is an ancient castle town and the center of Kitakyūshū, Japan, guarding, via its suburb Moji, the Straits of Shimonoseki between Honshū and Kyūshū. Kokura is also the name of the penultimate station on the southbound Sanyo Shinkansen line, which is owned by JR Kyūshū and an important part of the...

 as the primary target and Nagasaki
Nagasaki
is the capital and the largest city of Nagasaki Prefecture on the island of Kyushu in Japan. Nagasaki was founded by the Portuguese in the second half of the 16th century on the site of a small fishing village, formerly part of Nishisonogi District...

 the secondary target. The mission plan for the second attack was nearly identical to that of the Hiroshima mission, with two B-29s flying an hour ahead as weather scouts and two additional B-29s in Sweeney's flight for instrumentation and photographic support of the mission. Sweeney took off with his weapon already armed but with the electrical safety plugs still engaged.

Observers aboard the weather planes reported both targets clear. When Sweeney's aircraft arrived at the assembly point for his flight off the coast of Japan, the third plane, Big Stink, flown by the group's Operations Officer, Lt. Col. James I. Hopkins, Jr. failed to make the rendezvous. Bockscar and the instrumentation plane circled for 40 minutes without locating Hopkins. Already 30 minutes behind schedule, Sweeney decided to fly on without Hopkins.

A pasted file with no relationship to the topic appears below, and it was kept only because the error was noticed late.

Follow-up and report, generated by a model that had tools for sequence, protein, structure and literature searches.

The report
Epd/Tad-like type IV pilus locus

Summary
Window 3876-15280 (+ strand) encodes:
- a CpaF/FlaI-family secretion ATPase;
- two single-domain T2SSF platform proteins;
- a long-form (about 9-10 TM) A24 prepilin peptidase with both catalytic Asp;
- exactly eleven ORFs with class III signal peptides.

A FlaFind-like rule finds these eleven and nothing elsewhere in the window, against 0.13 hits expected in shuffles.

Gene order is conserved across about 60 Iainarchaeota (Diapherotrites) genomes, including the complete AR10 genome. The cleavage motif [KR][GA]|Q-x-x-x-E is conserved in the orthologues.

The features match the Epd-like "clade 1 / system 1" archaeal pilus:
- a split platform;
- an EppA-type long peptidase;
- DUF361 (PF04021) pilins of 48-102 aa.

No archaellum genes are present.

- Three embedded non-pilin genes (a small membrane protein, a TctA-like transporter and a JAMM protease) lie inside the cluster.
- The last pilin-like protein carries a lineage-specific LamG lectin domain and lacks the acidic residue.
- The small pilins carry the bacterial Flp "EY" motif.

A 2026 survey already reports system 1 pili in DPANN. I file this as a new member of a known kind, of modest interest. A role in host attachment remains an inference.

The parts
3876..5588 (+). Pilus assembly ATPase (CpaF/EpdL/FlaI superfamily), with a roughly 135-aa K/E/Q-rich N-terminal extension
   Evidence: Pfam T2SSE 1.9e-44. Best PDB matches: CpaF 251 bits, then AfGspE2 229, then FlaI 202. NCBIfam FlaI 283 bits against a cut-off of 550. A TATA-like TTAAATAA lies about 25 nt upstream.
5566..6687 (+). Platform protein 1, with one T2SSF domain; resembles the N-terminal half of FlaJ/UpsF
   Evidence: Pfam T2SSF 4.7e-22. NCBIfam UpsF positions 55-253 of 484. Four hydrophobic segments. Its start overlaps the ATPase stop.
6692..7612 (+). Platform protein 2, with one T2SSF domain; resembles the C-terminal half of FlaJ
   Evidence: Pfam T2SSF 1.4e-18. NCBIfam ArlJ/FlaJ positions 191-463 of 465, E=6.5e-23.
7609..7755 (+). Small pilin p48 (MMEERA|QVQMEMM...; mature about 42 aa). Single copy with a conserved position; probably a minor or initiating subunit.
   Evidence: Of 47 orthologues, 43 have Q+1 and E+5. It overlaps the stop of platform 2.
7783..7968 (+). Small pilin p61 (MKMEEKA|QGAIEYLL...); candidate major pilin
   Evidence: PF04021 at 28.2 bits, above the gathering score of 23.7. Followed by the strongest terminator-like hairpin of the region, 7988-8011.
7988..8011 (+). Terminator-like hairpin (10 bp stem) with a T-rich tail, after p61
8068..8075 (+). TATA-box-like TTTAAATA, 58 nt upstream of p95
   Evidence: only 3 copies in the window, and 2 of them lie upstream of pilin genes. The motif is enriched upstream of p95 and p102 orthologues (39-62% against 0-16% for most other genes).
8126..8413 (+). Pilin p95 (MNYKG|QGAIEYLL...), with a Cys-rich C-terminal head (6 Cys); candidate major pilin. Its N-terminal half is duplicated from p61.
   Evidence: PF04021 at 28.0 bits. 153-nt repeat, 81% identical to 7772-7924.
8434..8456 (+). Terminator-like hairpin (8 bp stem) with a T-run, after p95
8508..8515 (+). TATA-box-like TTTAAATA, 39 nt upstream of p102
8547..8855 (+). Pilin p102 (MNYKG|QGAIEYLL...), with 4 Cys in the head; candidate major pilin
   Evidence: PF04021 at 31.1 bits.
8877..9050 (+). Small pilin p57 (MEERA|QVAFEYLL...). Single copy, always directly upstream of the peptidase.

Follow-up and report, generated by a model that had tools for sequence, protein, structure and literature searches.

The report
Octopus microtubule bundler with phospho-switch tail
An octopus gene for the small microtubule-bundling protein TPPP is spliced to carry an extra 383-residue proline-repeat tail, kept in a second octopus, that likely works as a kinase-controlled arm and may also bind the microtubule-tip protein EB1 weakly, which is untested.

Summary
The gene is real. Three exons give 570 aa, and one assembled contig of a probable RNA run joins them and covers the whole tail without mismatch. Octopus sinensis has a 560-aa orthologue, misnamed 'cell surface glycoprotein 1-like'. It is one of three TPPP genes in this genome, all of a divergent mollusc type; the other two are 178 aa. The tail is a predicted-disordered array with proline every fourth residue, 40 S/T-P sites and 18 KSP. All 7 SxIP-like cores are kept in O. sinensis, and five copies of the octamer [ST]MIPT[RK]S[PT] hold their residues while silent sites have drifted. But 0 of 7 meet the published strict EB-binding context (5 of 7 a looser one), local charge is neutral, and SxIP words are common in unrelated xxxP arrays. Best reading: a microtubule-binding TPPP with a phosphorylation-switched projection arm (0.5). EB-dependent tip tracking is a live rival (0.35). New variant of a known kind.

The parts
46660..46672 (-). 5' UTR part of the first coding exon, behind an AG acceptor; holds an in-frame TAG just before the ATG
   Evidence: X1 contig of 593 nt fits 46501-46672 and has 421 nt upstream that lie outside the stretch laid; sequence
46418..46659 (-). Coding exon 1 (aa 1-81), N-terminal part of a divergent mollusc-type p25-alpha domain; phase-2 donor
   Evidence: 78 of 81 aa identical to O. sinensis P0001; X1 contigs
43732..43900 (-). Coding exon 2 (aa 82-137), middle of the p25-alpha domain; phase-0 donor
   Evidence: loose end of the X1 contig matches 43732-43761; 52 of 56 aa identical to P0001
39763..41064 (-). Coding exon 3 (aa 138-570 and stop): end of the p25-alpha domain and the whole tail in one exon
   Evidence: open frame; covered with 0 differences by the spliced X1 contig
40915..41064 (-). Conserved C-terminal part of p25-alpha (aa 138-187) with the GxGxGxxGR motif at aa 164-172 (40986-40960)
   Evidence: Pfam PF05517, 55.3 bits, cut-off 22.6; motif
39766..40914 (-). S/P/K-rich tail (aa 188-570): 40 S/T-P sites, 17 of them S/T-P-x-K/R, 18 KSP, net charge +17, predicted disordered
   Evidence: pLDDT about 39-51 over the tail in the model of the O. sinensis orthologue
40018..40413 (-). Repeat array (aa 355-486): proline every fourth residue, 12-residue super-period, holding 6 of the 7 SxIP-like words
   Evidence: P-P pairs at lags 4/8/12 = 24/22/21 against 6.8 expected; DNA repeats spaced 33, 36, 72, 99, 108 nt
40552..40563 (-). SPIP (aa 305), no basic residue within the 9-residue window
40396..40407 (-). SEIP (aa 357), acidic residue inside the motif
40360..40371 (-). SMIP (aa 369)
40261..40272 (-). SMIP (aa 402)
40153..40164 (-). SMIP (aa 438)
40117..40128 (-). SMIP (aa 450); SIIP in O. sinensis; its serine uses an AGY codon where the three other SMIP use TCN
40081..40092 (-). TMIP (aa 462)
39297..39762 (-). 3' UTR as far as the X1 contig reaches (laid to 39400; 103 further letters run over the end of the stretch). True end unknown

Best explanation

By the time they reached Kokura a half hour later, a 70% cloud cover had obscured the city, prohibiting the visual attack required by orders. After three runs over the city, and with fuel running low because a transfer pump on a reserve tank had failed before take-off, they headed for their secondary target, Nagasaki. Fuel consumption calculations made en route indicated that Bockscar had insufficient fuel to reach Iwo Jima
Iwo Jima
Iwo Jima, officially , is an island of the Japanese Volcano Islands chain, which lie south of the Ogasawara Islands and together with them form the Ogasawara Archipelago. The island is located south of mainland Tokyo and administered as part of Ogasawara, one of eight villages of Tokyo...